What is involved here is not merely a protest against certain clearly un-biblical theses of secularized science; there must be a protest against the entire spirit of secularisation as such, of the dogma of the autonomy of science with regard to faith. This spirit and this dogma must be unmasked. What is involved here is no less than an inner reformation of the spirit of science and of its theoretical conception of reality in accordance with the central biblical motive of the Reformation. It is a question of proclaiming that there is a religious antithesis in philosophical and scientific thought, as it was demonstrated in a splendid way by the father of the Calvinistic revival in the Netherlands, Dr. Abraham Kuyper.
We must become aware both of our share of guilt for the secularisation of modern science and of our vocation to war against the spirit of apostasy which is revealed in it. That is not to say that we can battle this spirit in our own power. The warfare to which I refer is one of faith, a struggle even with ourselves, in the power of the Holy Spirit, a struggle which finds its dynamic in a life of prayer.
First of all, we ask why this struggle is necessary from a biblical and from a scientific point of view.
From the biblical point of view we must establish first of all that divine revelation has a central motive, which is the key to knowledge, and that, because of its integral and radical character, this motive altogether excludes any dualistic conception of man and of the world. This motive is that of creation, fall, and redemption in Christ Jesus in the communion of the Holy Spirit. This motive is not at all a doctrine that can be accepted without its working powerfully in our hearts. It is above all a motive force in the very center of our being, the key to the knowledge of God and of the self which can open up to us the revelation of God in the Scriptures and in all the work of his hands. It is a motive which is so central that it is the foundation even for the scientific exegesis of the Scriptures themselves.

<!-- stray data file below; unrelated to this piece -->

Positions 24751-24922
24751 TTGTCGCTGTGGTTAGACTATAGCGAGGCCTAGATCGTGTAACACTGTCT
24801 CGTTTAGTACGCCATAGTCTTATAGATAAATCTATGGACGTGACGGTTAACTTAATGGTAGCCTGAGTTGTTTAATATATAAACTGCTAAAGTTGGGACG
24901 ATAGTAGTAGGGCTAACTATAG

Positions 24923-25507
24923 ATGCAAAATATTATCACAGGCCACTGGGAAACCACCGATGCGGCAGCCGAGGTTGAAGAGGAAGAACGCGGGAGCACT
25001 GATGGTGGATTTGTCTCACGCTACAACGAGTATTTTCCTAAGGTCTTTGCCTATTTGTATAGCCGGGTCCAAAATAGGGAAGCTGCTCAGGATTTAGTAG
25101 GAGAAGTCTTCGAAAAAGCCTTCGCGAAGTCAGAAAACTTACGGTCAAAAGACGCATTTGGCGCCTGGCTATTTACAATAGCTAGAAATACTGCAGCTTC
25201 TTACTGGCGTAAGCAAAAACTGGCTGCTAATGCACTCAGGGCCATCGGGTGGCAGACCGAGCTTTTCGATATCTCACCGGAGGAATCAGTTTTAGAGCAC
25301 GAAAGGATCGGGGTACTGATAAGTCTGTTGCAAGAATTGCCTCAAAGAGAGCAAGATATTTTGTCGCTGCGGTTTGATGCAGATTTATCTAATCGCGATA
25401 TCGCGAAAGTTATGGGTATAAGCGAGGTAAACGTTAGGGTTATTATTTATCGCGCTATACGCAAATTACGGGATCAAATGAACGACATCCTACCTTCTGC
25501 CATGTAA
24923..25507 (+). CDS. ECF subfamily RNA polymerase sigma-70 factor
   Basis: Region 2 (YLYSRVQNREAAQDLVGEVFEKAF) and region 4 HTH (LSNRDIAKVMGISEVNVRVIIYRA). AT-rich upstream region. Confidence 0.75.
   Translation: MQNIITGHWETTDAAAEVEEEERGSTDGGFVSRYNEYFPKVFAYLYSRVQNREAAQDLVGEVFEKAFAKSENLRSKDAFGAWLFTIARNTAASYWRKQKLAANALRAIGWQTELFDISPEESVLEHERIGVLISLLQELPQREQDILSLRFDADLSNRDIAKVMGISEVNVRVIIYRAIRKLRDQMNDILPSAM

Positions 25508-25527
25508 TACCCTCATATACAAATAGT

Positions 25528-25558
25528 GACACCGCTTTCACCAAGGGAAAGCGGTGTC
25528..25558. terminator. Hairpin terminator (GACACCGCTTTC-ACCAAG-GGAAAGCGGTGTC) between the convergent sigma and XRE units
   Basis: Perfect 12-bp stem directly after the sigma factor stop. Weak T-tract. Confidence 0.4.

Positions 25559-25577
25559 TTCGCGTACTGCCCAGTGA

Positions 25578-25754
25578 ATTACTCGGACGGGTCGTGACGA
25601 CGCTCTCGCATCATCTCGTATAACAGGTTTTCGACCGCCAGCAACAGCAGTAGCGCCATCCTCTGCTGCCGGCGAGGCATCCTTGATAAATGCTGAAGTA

This motive is threefold; nevertheless, it is of one piece. It is impossible to understand the truly biblical meaning of sin and redemption without having grasped the true meaning of creation. In revealing himself as the Creator, God reveals himself as the sore origin of all that is. No force can be opposed to him that has any power in its own right. We could not establish any area of terrestrial life as an asylum for our autonomy with reference to the Creator. He has the right to all of our life, to all of our thought, and to all of our action. No sphere of life may be divorced from the service of God. In revealing himself as the Creator, God has at the same time disclosed to man the meaning of his own existence. We are created in the image of God. Taking care to disengage ourselves from all of the Greek-inspired speculations of Scholastic theology, that is to say that here God reveals to us the radical unity of our existence.
Just as all of the creation is centered in God as its unified, integral origin, so God has created within man a unitary center, which is the concentration point of his temporal existence with all of its diverse aspects and powers. This is the heart, in the religious sense of the word, the source secularisation of Science Page 4 from which radiate the streams of life, the soul or the spirit of our temporal existence, that is to say, of our bodily existence. For our corporeal existence includes not only the physical aspects and the biological aspects of our being but also the rational aspects and even the temporal function of faith.
Within the heart of man God has concentrated the meaning of all terrestrial reality. That is why the fall of man entails the fall of the entire temporal creation. That is why, according to the biblical point of view, the world, as it appears in the inorganic, the organic, and the animal kingdoms, cannot be seen as a thing-in-itself independent of man. God has himself revealed to us in his Word that he does not view the creation except with reference to man. It has been marred because of manes sin, and it will be saved by reason of man’s redemption.
That is why every philosophy that denies this central place of man in the world is anti-biblical, even when in Scholastic fashion it would hold the macrocosm to be a creation of God. The Thomistic philosophers claim that they unconditionally accept creation in the biblical sense. That is a mistake, however, because they have conceived creation as a truth of the intellect and have interpreted it apart from the key to knowledge.
In connection with the biblical sense of creation, the meaning of the fall also becomes clear. This can be briefly expressed. It is that man, who was created in the image of God, desired to be something in himself, independent of his Creator. Man’s self, considered as the individual center of his existence, is, according to the order of creation, destined to reflect the image of God. An image cannot be anything in itself. That is why man’s knowledge of himself depends upon his knowledge of God. That is also why human existence, in its religious center, is subject to a law of religious concentration, which has not been abrogated by the fall, All the power of the devil is based on this law of concentration in human existence, because without this law idolatry would be impossible. Sin is a privation, a lie, nothingness; but the power of sin is something positive, which is dependent on the created goodness of reality.